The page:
CALGARY (CP) -- UTS Energy Corp. [TSX:UTS] is on track to grow into a major energy producer within 15 years with the addition of the two oilsands projects near the Fort Hills project it is building with its partners, chief executive Will Roach said Wednesday.
The firm kicked off the formal regulatory process Tuesday for its Frontier and Equinox oilsands leases, which are situated just north of the Fort Hills project it is jointly developing with Petro-Canada [TSX:PCA; NYSE:PCZ] and Teck Cominco Ltd. [TSX:TCK.B; NYSE:TCK].
"Over the next 10 to 15 years we've got a major company to build out in stages," said Roach told an analyst conference call Wednesday.
"I fully expect our resource base to double by year end from what we had last year, which is a pretty substantial step forward in terms of organically growing value within the company."
In a public disclosure filing, UTS said it and partner Teck Cominco plan a first phase for Frontier that estimates production capacity of between 100,000 and 160,000 barrels per day of de-asphalted bitumen.
Early drilling results in the southern area of the Frontier mine were strong, but "overall those results weren't as good as we'd hoped in the northern part of that acreage," Roach said.
The company said the smaller Equinox asset will be developed in a single phase with estimated production of 50,000 barrels per day.
"Equinox now has got a number of different options," Roach said.
"Now Equinox can be looked at as a satellite to Fort Hills or a satellite to Frontier or perhaps integrated into the adjoining acreage around us operated by (Royal Dutch Shell PLC [NYSE:RDS-B; LSE:RDSB])."
Estimated costs for the projects were not disclosed.
Front-end engineering design work on the C$15.2-billion Fort Hills project is expected to wrap up by the middle of this year. Petro-Canada has a 60% interest, while UTS and Teck Cominco each have a 20% stake.
"I'd say we're about a month behind where we thought we would be, which is pretty good in today's environment," Roach said.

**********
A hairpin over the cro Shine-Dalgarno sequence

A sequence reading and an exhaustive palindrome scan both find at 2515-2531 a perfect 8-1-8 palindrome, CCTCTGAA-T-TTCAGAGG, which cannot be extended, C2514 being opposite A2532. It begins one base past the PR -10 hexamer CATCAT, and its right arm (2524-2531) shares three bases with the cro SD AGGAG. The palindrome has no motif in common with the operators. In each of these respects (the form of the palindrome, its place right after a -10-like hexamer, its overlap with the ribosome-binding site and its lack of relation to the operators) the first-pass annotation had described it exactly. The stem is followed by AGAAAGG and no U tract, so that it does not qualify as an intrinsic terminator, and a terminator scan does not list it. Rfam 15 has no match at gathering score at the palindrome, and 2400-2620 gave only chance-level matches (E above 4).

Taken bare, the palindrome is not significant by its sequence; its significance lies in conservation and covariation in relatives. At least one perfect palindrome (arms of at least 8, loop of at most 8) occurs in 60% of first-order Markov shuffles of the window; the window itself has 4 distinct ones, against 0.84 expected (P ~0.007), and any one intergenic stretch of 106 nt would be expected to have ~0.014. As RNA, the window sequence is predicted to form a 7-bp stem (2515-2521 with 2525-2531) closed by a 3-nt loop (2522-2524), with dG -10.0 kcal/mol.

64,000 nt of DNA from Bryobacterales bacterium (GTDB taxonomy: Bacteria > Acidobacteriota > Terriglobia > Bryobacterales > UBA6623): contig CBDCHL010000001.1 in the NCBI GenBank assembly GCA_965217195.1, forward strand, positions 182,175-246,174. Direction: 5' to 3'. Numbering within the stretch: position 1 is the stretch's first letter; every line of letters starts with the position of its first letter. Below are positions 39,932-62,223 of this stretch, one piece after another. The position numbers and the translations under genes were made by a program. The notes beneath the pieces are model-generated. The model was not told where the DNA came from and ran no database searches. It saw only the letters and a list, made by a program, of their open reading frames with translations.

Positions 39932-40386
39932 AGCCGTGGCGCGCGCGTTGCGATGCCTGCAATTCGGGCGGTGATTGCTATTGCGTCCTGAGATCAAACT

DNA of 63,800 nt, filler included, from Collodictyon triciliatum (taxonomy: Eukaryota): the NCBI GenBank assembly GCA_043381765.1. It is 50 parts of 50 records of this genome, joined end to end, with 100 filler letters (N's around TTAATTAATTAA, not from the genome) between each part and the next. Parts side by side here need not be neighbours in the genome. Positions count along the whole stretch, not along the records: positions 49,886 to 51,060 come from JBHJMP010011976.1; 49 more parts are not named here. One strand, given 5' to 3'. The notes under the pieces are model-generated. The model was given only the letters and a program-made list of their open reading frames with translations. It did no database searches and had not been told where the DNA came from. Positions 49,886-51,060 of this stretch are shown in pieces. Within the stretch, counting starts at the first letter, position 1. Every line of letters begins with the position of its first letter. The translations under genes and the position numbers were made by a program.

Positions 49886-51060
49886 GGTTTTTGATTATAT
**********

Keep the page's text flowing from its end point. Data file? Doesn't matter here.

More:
A number of other oilsands mega-projects have gone over budget, with the cost of labour and construction materials ballooning, but Roach said "we haven't had any major surprises so far on the cost estimate."
UTS expects to get an updated pricetag for Fort Hills sometime this summer and also anticipates it will get the regulatory go-ahead for its Sturgeon upgrader northeast of Edmonton soon.
The success of UTS's projects will depend on how the company deals with the environmental challenges they pose, Roach said.
"It's probably one of the most important issues alongside financing that we have to manage over the next little while."
UTS is taking part in an industry initiative that aims to pump huge amounts of carbon dioxide into underground saline aquifers and is looking into how much it would cost to make its mines carbon neutral.
On Tuesday UTS said it earned a 2007 profit of C$137.4 million, or 31 cents per diluted share, on C$191.6 million in revenue. That compared with a profit of C$6.5 million, or two cents per share, on C$3.8 million in revenue in 2006.
The 2007 results included a C$184.2-million gain on the sale of oilsands leases.
Shares in the company were down 74 cents at 5.36 on the Toronto Stock Exchange on Wednesday.
(c) The Canadian Press 2008